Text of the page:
Dwight Davis: Cup Founder, Politician, Diplomat, and King of the Tennis Court

claudia celestial girlAnalyst IOctober 4, 2010

Dwight's Pot
Dwight's PotClive Brunskill/Getty Images

Let’s see, Secretary of War? Or famous tennis star?

Hmmm…Which career path to choose? How about...both?

Not many tennis stars go to college. John McEnroe, who is famously known for attending Stanford, only attended the university for a single semester. John Isner, a current tennis star, is the only one in the top 50 to obtain a degree (at the University of Georgia) before starting his ATP career.

Like Isner, Dwight Davis was a collegiate tennis singles champion. He played for Harvard University in 1899. The closest he came to a singles title was runner-up in the US Championships in 1898. A lefty, Davis made a name for himself in doubles. While at Harvard he also went out for baseball and played on the sophomore football team.

Quite a few US politicians were collegiate—or even professional—athletes before embarking on a life of public service. Among them: President Gerald R. Ford and Senator Jack Kemp. Dwight Davis can be counted among these public figures, as Davis served as the U.S. as Secretary of War from 1925-1929 under President Calvin Coolidge.

Being from an upper-class family, Davis would have seen his college career not as a stepping stone to sports immortality but as a nice hobby.

Nonetheless, in spite of his dearth of singles titles, Davis, like Frenchman Rene LaCoste 30 years later, was not only a winner but also a technical innovator. Davis became a key mover and creator in the sport.

At the turn of the 20th century, tennis was not only played in society clubs—it was also played in the street. To distinguish society tennis from that in the street, club tennis was known as "Lawn Tennis."

An iconoclastic visual of the times comes from the 1970s musical "Ragtime," which depicts turn-of the century upper-class types in the opening vignette as "fellows with tennis balls." In 1902, the visual would have included straw hats, slacks, and afternoon tea. Dwight Davis would have fit right in to this visual.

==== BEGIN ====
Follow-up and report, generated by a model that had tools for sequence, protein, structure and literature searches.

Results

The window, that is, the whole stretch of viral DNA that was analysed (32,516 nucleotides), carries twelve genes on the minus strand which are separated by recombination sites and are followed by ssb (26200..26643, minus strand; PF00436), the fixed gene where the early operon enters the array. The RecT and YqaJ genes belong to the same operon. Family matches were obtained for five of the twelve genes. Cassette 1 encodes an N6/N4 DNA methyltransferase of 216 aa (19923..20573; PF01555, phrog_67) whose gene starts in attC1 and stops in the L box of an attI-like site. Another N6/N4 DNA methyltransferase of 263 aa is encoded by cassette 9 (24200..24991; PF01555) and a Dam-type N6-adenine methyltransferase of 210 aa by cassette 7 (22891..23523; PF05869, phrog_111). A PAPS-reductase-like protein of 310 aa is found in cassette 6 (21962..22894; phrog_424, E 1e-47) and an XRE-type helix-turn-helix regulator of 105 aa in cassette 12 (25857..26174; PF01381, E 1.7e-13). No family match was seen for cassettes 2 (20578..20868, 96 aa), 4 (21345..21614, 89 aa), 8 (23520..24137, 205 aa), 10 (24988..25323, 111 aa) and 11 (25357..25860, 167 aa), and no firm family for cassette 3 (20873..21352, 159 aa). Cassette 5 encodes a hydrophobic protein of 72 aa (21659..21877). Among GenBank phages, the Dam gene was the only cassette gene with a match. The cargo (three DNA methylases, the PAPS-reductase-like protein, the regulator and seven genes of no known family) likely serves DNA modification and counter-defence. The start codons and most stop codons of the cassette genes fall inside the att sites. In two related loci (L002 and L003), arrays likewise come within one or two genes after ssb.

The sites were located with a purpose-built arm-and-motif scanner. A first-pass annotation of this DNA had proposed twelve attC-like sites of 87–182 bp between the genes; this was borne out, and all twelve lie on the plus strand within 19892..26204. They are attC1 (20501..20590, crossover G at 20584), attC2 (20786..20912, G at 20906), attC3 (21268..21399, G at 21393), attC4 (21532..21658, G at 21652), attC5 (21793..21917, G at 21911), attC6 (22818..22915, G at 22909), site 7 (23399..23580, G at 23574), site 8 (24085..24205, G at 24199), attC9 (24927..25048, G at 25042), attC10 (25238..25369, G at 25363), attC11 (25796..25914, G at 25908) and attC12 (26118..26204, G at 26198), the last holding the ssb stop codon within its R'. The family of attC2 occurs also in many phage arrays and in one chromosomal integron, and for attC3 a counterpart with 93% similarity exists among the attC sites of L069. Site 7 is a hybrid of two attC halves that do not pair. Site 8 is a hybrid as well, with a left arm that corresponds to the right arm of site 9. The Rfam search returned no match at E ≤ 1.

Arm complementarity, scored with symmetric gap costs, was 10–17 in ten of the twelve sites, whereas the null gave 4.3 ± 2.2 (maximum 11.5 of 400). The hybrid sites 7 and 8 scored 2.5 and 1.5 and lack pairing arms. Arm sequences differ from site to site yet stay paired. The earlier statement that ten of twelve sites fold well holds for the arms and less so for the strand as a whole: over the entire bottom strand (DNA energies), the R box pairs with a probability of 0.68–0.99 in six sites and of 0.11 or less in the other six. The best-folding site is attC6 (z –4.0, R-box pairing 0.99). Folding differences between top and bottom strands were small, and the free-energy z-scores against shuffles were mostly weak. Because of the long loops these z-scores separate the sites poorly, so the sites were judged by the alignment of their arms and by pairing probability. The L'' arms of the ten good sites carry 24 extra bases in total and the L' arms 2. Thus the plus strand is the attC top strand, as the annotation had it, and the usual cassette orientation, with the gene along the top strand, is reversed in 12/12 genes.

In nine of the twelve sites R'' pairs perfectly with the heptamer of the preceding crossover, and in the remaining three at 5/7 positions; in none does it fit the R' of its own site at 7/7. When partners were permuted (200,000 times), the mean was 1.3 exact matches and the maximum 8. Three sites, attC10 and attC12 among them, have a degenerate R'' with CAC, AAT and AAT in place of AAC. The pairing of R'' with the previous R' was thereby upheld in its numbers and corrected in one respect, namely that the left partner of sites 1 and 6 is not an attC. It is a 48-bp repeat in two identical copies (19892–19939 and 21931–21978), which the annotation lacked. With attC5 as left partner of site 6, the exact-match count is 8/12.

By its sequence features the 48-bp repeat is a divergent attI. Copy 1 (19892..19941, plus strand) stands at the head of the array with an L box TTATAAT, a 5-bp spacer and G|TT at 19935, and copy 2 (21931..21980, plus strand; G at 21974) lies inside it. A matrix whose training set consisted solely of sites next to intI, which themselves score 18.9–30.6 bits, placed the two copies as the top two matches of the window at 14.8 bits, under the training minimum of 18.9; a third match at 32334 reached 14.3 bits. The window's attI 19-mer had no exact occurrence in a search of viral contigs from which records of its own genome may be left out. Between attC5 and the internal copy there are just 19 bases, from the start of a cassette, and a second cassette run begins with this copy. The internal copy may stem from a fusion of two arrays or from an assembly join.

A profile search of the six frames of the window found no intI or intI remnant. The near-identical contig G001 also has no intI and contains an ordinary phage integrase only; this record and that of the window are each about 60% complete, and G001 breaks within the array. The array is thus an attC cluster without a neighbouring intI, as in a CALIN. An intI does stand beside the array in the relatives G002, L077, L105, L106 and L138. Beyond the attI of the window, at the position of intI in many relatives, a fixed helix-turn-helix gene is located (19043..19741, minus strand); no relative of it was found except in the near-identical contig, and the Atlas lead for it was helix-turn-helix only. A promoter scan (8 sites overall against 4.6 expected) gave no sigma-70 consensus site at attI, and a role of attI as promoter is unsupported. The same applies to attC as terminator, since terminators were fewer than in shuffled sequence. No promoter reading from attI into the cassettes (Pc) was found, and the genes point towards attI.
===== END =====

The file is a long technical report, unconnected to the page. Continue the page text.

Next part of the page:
Harvard University was the Nick Bollettierri’s of the time, with 30 courts, and the top players in the U.S. practicing and innovating the sport.

Among Davis’ peers (with delightful, turn-of the century names): Holcombe Ward, Malcolm Whitman, Beals Wright, Leo Ware, and William Clothier (US singles champion in 1906). The period of 1898-1906 has been called the first golden age of American lawn tennis (the second golden age being 1915-1930 with Bill Tilden and Bill Johnson).

Innovations in the sport coming from these players included a special top-spin slice serve that, after bouncing, would break rightward in the direction of a right-hander’s backhand. The innovation was created by Davis and Holcombe Ward for the purpose of defeating Malcolm Whitman.

All three players would later serve as the original members of the US Davis Cup squad. The innovation was at first called the American Twist Serve, but now it is simply called a "kick" serve and used mostly on second serves.

Perhaps the most exquisite contribution Davis made to the sport grew from his willingness—and ability—to commit the financial resources for the creation of a competition. And one of the most formidable international competitions in any sport outside of the Olympic movement at that, known originally as the International Lawn Tennis Challenge but later renamed the Davis Cup in his honor.